Published February 29, 2008

Aquatic Fitness – Not Your Grandmother’s Water Aerobics Class

by Helen M. Ryan

Training in water brings fitness to a new level
(Written for CitiHealth Publications)

Nancy and Bob Dubay of Temecula are very fit. The couple strength trains, walks, golfs and performs regular cardiovascular exercise. So when they signed up for private aquatic training last summer both were unsure of what to expect. They were pleasantly surprised “It’s a good workout,” says Nancy Dubay. “The intervals were hard and got my heart rate up. But I felt refreshed after – full of energy.”

“I was very pleased with how easy it was on my body, while still being challenging,” adds Bob Dubay. “I wanted to try working out in the water because my back was bothering me from other forms of exercise. My heart rate was elevated, my legs and core definitely felt it. And core strength is important for back health.”

Aquatic training provides a well-balanced workout. It encompasses the main components of physical fitness - aerobic training, muscular strength and endurance, and flexibility. The buoyancy of water creates a low impact exercise alternative that is easy on the joints, while water’s resistance, 12 times that of air, challenges the muscles.

“There are so many new ways of training in the water,” says Julie See, President and Director of Education for the Aquatic Exercise Association. “Current popular formats in aquatic fitness are kickboxing, sports-related training including plyometric-type activities, and deep water running, which is great for runners of all ability levels.”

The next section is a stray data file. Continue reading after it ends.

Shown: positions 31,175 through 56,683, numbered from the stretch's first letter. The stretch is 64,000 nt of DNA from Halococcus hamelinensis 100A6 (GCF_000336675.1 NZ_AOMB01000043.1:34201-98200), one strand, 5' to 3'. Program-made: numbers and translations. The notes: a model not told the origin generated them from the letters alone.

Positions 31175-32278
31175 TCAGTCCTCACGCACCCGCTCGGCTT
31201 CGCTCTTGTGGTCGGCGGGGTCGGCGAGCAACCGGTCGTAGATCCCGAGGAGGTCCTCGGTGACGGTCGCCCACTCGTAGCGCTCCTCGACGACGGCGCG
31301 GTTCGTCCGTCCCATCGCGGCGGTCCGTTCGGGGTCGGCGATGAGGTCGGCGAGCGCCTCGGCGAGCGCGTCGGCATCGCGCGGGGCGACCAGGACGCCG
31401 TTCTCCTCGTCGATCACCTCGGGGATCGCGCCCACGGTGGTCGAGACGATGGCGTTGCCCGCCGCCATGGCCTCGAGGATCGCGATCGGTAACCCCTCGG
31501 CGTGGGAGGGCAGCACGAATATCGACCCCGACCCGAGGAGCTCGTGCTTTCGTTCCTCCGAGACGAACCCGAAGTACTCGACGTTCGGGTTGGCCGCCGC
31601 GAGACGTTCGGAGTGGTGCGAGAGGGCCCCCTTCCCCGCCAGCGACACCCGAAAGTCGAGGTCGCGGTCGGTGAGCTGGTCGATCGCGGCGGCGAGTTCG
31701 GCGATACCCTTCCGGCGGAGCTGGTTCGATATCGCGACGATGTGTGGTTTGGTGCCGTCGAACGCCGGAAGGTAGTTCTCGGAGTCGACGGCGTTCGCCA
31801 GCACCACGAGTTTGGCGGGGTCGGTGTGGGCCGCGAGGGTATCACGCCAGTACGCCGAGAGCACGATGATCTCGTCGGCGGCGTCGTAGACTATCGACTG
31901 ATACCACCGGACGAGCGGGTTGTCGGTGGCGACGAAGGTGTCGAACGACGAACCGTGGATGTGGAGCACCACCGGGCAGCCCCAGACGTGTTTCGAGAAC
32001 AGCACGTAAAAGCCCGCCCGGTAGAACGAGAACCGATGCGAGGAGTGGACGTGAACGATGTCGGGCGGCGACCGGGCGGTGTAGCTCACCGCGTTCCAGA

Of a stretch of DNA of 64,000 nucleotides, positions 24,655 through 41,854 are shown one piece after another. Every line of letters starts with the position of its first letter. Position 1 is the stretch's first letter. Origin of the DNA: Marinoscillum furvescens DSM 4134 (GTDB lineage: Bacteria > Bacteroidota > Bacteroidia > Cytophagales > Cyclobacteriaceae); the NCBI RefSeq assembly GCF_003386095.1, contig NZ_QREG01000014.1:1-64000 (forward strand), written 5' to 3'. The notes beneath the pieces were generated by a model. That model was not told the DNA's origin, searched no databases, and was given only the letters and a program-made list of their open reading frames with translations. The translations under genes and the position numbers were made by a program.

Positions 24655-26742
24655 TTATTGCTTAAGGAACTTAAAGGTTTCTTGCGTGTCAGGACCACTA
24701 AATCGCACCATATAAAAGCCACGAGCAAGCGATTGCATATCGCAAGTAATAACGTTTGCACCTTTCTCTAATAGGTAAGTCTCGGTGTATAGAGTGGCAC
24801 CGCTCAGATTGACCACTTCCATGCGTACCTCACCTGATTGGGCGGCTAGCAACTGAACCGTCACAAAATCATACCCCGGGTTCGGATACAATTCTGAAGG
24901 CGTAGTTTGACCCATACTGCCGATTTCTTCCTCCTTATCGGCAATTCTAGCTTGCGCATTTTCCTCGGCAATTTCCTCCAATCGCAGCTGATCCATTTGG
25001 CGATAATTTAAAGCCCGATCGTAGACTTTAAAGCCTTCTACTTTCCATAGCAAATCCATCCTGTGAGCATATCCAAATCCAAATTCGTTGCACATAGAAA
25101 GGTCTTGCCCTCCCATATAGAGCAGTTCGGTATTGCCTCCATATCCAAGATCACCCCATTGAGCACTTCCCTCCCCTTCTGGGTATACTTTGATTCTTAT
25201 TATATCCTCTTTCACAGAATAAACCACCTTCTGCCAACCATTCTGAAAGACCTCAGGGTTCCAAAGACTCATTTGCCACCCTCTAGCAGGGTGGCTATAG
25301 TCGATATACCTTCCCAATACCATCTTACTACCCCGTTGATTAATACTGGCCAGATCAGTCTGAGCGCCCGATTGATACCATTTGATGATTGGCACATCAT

Teri McQuaid, head of Aquatic Fitness for Temecula-based Trainer to You, a mobile fitness training firm, likes the versatility of training in the water. “Everyone can do it,” she notes. “Athletes like aquatic training because it’s great for cross-training. It improves speed and agility and the training can be designed to be sports-specific. Beginners, those with physical limitations such as joint pain, and the very overweight find that working out in the water is easier on their bodies, yet still provides a challenge.”

Trainer to You client Leandra George of Temecula agrees. “I didn't realize training in water could feel so fabulous,” she says, adding, “I'm using muscles I didn't know I had. Teri assessed my current physical condition and tailored a program just for me. Working out in water is a wonderful experience that gets results."

“Here in southern California, we have the benefit of doing aquatic training all year,” McQuaid, a certified personal trainer, points out. “The water and air may feel cool in winter, but when you’re working out, even in water, you don’t notice it.”

Aquatic training is beneficial to people of all ages and abilities, from kids to seniors. Some participants notice a better quality of sleep, while others feel a limbering of stiff joints. The force of working against water also aids in weight loss, burning 400-500 per hour. “I worked with a couple who had not exercised in years and were somewhat overweight,” notes McQuaid. “Their goal was to be able to walk around while on vacation without discomfort and with energy. They worked hard and made great progress. It was amazing to see how well they – and their bodies – responded to the water workouts. And they made their goal a reality.”

“If you have a chance to try this I would definitely recommend it,” says Bob Dubay. “It’s a dynamite workout.” Wife Nancy is in agreement. “It was the break in my routine I was looking for. I like variety, something different. I hope to get back into it this summer.”

So for a great new workout, try adding water.